The best age to claim Social Security is complicated and varies depending on your specific financial situation.
You can start receiving your Social Security pension at age 62, with your maximum Social Security pension at age 70, and your full retirement age falling somewhere in between those two ages based on the year in which you were born.
For example, those of you born between 1943 and 1954 have a full retirement age of 66. If you elect to receive benefits at 62, the amount you draw will be reduced to 75% of the maximum amount of the full retirement benefit.
For those born between 1955 and 1959, your full retirement age is 66 plus 2 months for each year after 1954. Someone born in 1957 will have a full retirement age of 66 and 6 months (66 plus 3 times 2 months).
If you were born in 1960 or after, your full retirement age is 67 and you’ll have increasingly later full retirement age depending on the year in which you were born.
Benefits will be reduced to 70% of the full retirement age amount if you elect to start receiving your pension at age 62.
The rule is the longer you wait to file Social Security, the more you’ll receive.
But it may not always make sense to wait to file for Social Security. There are two main reasons you’d want to file before your full retirement age:
- You need a monthly income – This is the most frequent reason retirees file before their full retirement age. If you need the money, filing early is an option.
- Your tax situation warrants filing early – At times, it may make sense to claim Social Security early to receive more money earlier at a better tax rate. This occurs when you have a very high asset base and would be required to make large withdraws under required minimum distribution (RMD) rules.
Money is worth more now than later.
Not many people consider the time value of money when considering the age in which you should file Social Security.For example, $100 given to you today is worth the same as $110 given to you next year, assuming a discount rate of 10%. What that means to you is that if you get $1,500 if you file when you’re 62, it may be the same or better as if you waited one year and received $1,600 per month.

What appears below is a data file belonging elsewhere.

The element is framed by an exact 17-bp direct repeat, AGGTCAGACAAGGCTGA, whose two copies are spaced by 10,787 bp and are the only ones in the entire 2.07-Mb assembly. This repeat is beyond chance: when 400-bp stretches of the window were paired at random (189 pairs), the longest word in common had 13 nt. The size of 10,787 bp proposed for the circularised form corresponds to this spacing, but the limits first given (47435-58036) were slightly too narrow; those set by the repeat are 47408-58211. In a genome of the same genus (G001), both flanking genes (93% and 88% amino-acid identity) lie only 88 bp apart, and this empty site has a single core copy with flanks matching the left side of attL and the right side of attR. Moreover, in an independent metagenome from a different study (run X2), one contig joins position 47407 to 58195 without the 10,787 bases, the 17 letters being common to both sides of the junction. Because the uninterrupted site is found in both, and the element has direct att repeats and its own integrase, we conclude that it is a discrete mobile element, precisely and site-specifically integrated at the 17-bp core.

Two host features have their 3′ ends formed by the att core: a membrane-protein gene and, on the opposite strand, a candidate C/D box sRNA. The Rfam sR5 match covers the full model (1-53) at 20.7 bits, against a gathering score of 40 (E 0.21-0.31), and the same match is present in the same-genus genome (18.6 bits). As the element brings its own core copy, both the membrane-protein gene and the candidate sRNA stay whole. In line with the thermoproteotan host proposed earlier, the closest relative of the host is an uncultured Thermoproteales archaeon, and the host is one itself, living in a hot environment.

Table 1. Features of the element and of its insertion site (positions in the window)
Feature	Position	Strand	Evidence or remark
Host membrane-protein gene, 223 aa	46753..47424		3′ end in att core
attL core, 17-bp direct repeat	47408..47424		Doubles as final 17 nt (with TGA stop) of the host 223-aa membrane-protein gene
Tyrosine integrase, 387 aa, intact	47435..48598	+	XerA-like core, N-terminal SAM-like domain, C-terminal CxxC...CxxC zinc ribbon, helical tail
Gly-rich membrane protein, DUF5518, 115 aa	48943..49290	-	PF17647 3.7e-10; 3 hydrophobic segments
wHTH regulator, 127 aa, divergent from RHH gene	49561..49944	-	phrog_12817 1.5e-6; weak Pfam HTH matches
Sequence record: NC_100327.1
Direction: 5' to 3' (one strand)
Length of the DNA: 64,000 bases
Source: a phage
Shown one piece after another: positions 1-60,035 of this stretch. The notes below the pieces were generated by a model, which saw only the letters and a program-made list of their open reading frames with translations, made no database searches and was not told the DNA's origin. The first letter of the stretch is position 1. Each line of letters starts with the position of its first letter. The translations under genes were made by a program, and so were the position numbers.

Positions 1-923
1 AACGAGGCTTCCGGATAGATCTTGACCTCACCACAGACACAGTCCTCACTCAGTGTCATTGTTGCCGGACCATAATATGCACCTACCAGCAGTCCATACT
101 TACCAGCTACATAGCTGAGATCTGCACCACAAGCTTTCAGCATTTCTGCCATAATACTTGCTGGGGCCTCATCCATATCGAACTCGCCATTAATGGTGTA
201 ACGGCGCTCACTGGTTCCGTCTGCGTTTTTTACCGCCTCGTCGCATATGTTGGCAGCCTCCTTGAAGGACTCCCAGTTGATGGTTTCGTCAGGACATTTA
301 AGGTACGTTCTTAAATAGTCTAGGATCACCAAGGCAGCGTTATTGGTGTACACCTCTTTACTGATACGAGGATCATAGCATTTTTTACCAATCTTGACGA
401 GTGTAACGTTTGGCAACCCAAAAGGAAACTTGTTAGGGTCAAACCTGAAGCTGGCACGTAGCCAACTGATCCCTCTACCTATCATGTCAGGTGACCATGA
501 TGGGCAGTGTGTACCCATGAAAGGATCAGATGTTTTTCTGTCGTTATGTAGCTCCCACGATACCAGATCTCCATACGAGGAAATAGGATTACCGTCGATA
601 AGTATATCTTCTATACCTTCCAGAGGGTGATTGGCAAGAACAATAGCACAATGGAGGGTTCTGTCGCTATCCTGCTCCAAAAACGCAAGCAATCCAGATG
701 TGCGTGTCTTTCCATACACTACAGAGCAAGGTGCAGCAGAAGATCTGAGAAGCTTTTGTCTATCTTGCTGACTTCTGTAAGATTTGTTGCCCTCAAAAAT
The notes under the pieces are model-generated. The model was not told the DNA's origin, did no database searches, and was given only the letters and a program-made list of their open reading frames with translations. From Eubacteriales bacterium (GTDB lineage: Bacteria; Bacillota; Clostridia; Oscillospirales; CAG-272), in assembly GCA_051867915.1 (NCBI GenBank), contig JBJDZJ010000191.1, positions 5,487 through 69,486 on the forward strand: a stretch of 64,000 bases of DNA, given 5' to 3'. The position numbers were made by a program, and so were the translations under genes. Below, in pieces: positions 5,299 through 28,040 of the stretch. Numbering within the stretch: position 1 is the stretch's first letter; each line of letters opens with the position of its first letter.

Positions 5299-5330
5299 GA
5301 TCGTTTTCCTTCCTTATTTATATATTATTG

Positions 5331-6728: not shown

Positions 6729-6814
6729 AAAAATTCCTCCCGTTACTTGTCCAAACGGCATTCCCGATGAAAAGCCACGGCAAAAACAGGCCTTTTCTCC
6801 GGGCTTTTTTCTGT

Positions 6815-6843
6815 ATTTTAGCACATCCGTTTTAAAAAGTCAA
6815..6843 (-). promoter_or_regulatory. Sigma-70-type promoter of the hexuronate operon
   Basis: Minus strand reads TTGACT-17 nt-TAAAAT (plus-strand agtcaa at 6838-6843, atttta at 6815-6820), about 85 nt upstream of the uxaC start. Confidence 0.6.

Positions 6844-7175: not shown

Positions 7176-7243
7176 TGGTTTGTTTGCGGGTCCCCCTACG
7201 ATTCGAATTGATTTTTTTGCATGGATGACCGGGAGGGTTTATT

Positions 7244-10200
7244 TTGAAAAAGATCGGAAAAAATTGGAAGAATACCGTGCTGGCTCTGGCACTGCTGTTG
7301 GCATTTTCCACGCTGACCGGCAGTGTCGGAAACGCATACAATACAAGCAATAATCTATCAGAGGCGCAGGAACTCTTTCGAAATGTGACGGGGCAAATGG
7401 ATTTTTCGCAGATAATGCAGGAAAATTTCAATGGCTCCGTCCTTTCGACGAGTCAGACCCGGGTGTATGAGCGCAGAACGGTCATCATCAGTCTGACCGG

You might say that it’s more beneficial to wait until you’re 63 and get the $100 per month more but I would argue that, depending on the discount rate, it could actually be more beneficial to take the lower amount sooner.
Knowing the most beneficial age to claim Social Security is one of the most difficult questions to answer. There are many variables that come into play, none of which can be evaluated individually.
Social Security As A Lump Sum
Your Social Security pension can also be viewed as a lump sum asset. Looking at it this way may help you make filing decisions and comparisons to your other assets. For example, a monthly Social Security income of $2,273 discounted at 5% over 30 years is equal to a present day asset totaling $419,300.
Another way of stating this is that if you had $419,300 in a retirement account, you could expect to receive about $2,273 per month. Now you can compare your Social Security lump sum to your other assets.
We’re using a 30-year time-frame since most retirees can expect to be in retirement for 30 years. The 5% discount rate is comparable to a conservative investment return in retirement.
The Social Security lump sum is more beneficial than having the exact same amount in a tax deferred account like a traditional IRA. The reason being Social Security is tax-advantaged, that is that only a maximum of 85% is taxable and for most of us the amount taxable is much lower.
A traditional IRA is fully taxable in retirement.
Looking at your Social Security pension as a lump sum can help you make decisions as to when to file. You could have a lump sum goal amount in mind prior to filing. As an example, you could have a goal to have a $500,000 lump sum equivalent. This translates into a monthly Social Security payment of $2,715 (this amount could be the amount that both you and your spouse receive).
This is a powerful way to look at your Social Security pension. It also shows you the effects Social Security has on your net worth. It is an asset and should be looked at in a comparable way.
So What’s The Best Age to Claim Social Security?
It varies for everyone but some questions you need to ask yourself are:
- Do you need an income now or will you before you reach age 70?
- Do you have a high asset base that would require you to make RMDs at age 70?
- Would it make sense to withdraw from your retirement accounts prior to age 70, then rely on Social Security at age 70 and beyond?
Good luck in your retirement journey!